Resilience versus accuracy is a topic I picked up from Seth Godin. Here’s his quote.

Resilience is the best strategy for those realistic enough to admit that they can’t predict the future with more accuracy than others.

Resilience isn’t a bet on one outcome, instead, it’s an investment across a range of possible outcomes, a way to ensure that regardless of what actually occurs (within the range), you’ll do fine.

This has helped me in ways too numerous to count. It has helped me face my fears and to feed my confidence in my ability to make decisions.

Have you ever tried to really pin point what you are fearful about? We know the feeling in the pit of our stomach. Have you ever tried try to really define what it is we’re afraid of?

Often times, aren’t we afraid of being wrong?

The big red X on our paper in elementary school, etched in our brain telling us from the age of 5 into eternity that there are clearly right and wrong answers. My teacher told me so. The goal is to get them all right. Avoid the big red X. Get a good grade. Study all night, lose sleep the night before the test hoping you’re ready.

I’ve assessed this as an adult and I’m struggling to find enough evidence that my elementary teachers were right. There seems to be far more degrees of right and wrong outside the walls of my elementary school. Once we step above the 10 Commandments and the basics of hygiene, life has more “what’s right for me, and what’s right for you” choices. The absolutes and the accuracy of a 2nd grade spelling tests are long gone. Yet we can get caught in the trap of wanting to be right and to avoid the big red X. Accuracy.

I now prefer resilience, to set out on the journey of defining our path and being clear about what we’re trying to achieve. It’s only after we have defined those things that are important to us, that we can define what is right and what is wrong…. for us.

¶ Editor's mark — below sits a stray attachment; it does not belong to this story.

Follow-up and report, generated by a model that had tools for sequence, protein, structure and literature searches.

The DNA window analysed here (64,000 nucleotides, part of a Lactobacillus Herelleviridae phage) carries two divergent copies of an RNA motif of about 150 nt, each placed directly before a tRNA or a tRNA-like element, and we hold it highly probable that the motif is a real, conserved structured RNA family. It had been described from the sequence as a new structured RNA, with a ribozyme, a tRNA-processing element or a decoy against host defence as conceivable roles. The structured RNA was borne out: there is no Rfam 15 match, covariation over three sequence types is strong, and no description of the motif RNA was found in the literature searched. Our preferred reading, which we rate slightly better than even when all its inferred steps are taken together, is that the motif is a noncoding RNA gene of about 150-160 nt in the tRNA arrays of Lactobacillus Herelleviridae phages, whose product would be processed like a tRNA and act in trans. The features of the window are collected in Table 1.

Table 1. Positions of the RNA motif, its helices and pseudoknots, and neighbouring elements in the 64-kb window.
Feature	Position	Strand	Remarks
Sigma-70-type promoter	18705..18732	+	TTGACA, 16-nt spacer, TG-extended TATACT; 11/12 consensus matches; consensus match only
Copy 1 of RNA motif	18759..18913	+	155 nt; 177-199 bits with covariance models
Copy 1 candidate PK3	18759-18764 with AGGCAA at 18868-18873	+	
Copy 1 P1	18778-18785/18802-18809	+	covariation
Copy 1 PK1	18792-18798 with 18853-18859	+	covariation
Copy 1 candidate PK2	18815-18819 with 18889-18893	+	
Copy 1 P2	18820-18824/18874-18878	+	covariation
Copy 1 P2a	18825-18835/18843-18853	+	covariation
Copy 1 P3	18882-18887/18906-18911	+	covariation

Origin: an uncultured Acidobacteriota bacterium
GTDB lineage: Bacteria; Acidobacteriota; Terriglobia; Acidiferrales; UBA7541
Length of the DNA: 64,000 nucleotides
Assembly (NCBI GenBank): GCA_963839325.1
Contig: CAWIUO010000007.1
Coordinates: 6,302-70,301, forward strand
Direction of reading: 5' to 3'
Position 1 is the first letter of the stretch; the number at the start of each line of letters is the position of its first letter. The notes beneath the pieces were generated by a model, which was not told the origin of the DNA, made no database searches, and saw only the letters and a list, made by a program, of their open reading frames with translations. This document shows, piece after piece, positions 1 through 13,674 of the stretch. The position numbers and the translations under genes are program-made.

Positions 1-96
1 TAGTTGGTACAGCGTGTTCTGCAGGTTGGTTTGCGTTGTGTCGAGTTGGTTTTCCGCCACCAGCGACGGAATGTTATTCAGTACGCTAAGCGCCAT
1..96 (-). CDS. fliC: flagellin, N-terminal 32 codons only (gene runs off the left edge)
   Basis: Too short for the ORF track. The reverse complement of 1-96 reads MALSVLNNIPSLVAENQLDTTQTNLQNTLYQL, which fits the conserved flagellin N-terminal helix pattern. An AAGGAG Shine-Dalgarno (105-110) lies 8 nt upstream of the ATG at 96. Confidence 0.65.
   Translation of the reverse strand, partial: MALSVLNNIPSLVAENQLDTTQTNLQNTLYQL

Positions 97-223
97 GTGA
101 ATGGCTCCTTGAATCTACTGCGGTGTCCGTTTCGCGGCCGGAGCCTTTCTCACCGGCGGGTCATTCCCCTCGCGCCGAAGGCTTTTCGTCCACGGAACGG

And too many times my path has taken enough twists and turns to leave me reaching for the Dramamine; a little queasy from navigating the motions and emotions of change. It’s then I feast on resilience. It’s impossible to know all of the right answers but I can be confident that I will adjust to the new situations and enjoy the journey along the way.

And what about those times that a wrong answer or a complete fail have given us the clarity for what is right. What if we never fail? What can really be learned without the twists and turns? You’ve likely heard the failure stats on Abe Lincoln and Thomas Edison and the number of failures it took them to get to success. Are we willing to forgo great innovation or advancement in our life that we aren’t willing to fail a time or two in the pursuit?

Our lives can never be completely accurate. Instead we must be confident in our ability to be resilient. Accuracy requires us to be right and wrong, Resiliency says we learn, adapt, and don’t give up


This topic is covered in my training Parenting Your ADD/ADHD Child – How to Overcome Fear and Uncertainty by Raising Confident ADD Kids.  My partner DeShawn Wert is an ADD Coach and uses this class with the families of her coaching clients.  She also writes about overcoming fear and failure.  She asked me to write a post she could share with her readers.  DeShawn is genuine caring and dedicated to helping others.  I recommend you follow her and sign up for her newsletter.

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